And Wesley Snipes, who played Blade, a half-human, half-vampire – thus the walking dead — character from Marvel Comics in three movies, got hooked up with two anti-tax, anti-government organizations; the afrocentric United Nuwaubian Nation of Moors and the rightwing American Rights Litigators (ARL) in an effort to avoid paying his due. Among other pursuits, the United Nuwaubians claimed once that 144,000 of the chosen ones would be taken up to the home galaxy of Ilyuwn as apocalypse ensued. What a surprise then that neither group offered sound counsel. Snipes is out this month from doing the majority of his three year stint in the joint.
Rather, true to my lefty roots, I’m going to make the case for taxes, at least insofar as libraries are concerned. This week of April 15 is also National Library Week and probably aside from Social Security, Medicare and education, I can’t think of a better use of our tax money than supporting our libraries. Sure, I’m biased, my mom was a librarian and early on I learned to love reading. Initially a chore I had to complete after my grade school homework, I soon got carried away reading those kid versions of Robin Hood and Pinocchio. I suppose the germ had always lain dormant in me, as the natural inclination of being made to read extra should have caused me to rebel. But my mom knew what she was doing, she knew those descriptive passages on paper would be the catalyst.
I think we all hate taxes in some shape or form. Some of you might be like Uncle Joe, Mr. Libertarian, and you don’t want anyone touching your hard earned money. Maybe you believe taxes are important for a strong public sector but regressive taxes and tax loopholes have created a system where the rich don’t pay their fair share. Or perhaps you don’t want to fund a police state or war machine.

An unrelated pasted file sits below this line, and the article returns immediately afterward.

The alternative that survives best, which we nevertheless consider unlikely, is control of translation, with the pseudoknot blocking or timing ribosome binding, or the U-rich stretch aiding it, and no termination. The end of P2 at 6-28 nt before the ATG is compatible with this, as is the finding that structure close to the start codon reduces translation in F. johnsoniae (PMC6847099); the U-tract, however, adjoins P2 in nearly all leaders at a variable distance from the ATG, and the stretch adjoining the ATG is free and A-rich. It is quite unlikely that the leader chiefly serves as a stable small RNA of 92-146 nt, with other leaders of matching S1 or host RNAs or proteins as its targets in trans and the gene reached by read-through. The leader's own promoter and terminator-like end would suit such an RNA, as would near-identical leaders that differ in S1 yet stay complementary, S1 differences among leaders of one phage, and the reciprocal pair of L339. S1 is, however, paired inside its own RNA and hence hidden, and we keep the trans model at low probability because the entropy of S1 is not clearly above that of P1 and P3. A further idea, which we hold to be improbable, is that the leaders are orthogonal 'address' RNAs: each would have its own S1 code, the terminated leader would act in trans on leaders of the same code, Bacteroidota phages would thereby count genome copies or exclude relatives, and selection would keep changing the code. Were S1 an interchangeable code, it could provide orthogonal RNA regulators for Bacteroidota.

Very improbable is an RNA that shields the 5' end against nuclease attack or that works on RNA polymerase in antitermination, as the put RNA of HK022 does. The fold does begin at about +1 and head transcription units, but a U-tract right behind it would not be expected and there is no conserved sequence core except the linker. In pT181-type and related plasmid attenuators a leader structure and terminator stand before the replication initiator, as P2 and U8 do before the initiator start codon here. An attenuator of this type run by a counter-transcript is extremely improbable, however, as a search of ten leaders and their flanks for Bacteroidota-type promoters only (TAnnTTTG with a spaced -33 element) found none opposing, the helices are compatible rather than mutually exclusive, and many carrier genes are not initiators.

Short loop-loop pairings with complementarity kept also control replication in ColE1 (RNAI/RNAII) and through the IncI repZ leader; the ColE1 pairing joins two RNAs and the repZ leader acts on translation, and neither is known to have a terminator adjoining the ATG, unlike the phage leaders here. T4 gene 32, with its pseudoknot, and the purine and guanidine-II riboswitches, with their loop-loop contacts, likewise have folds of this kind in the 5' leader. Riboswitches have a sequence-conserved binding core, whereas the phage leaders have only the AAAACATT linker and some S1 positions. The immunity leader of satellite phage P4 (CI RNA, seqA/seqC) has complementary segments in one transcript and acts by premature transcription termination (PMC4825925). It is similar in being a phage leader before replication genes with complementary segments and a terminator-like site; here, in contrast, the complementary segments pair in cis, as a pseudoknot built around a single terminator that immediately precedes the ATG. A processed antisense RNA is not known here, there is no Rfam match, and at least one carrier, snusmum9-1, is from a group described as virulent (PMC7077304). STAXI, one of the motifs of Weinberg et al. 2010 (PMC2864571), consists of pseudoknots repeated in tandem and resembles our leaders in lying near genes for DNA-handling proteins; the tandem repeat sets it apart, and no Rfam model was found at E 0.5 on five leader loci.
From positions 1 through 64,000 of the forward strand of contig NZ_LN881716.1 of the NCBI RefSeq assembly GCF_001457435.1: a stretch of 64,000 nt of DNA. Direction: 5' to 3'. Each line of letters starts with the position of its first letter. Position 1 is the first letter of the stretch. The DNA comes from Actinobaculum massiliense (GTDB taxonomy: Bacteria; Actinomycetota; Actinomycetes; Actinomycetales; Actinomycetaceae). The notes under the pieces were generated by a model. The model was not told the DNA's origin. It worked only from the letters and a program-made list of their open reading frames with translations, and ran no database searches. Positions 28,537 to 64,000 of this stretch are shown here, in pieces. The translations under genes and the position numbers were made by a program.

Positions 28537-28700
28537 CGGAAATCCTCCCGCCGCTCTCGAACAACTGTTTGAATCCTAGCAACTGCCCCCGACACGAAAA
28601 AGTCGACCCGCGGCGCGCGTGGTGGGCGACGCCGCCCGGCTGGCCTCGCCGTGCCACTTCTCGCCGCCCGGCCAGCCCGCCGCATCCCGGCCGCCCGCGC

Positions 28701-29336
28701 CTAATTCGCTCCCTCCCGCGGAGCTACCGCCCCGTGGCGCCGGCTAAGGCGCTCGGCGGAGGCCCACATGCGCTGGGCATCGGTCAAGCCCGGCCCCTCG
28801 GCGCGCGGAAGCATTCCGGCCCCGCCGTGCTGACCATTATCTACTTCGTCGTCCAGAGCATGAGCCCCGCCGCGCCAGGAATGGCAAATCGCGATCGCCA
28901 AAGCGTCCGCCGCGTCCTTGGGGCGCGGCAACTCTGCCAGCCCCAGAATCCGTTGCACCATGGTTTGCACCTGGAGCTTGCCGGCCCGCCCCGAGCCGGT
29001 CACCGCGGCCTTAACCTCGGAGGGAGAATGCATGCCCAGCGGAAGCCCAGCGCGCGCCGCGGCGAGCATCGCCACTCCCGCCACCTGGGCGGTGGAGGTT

I’m pretty good with numbers and my recordkeeping is impeccable; however, I’ve never done my own taxes. My brother, my sister and my Uncle Stanley, are all CPAs. For over 20 years, my uncle completed my tax returns, albeit, it’s easy when I don’t have assets, but it was also his way to show affection toward me.
Does everyone have an Uncle Stanley? He’s my Dad’s twin brother – okay, perhaps not everyone’s parent is a twin – but he was unmarried and took care of my grandma for 40 years after my grandfather passed away (grandma lived to 101 years old). He’s the good guy everyone seems to like. Every Christmas, he always had a ton of gifts – including snacks which would last half the year. He always went to BBQ’s and dinners. He also played competitive Bridge and I believe we shared the same math gene.
The leak of 2m emails and other documents, mainly from the offshore haven of the British Virgin Islands (BVI), has the potential to cause a seismic shock worldwide to the booming offshore trade, with a former chief economist at McKinsey estimating that wealthy individuals may have as much as $32tn (£21tn) stashed in overseas havens.
This is from a recent Guardian article, the first installment of a series of stories on just who is keeping their wealth where — and it’s all about avoiding tax. I’m still getting used to ‘tn’ — it’s fairly impossible for me to think in trillions.
An Oxfam report released in January this year takes a hard look at what drastically increasing inequality means for our world, their press release headline is ‘Annual income of richest 100 people enough to end global poverty four times over’.
The folks who can’t escape taxes are the poor. While Britain has been facing an all-out assault against the welfare state since the Tory-Liberal Democrat coalition took power (though New Labour did a fairly good job in its own time), it has taken the form of spending cuts and the privatisation of government services to this point. On April 1st, the assault ratcheted up with an array of new taxes taking effect.
You can read the full article here, but below is the list of the changes happening in April with punchlines: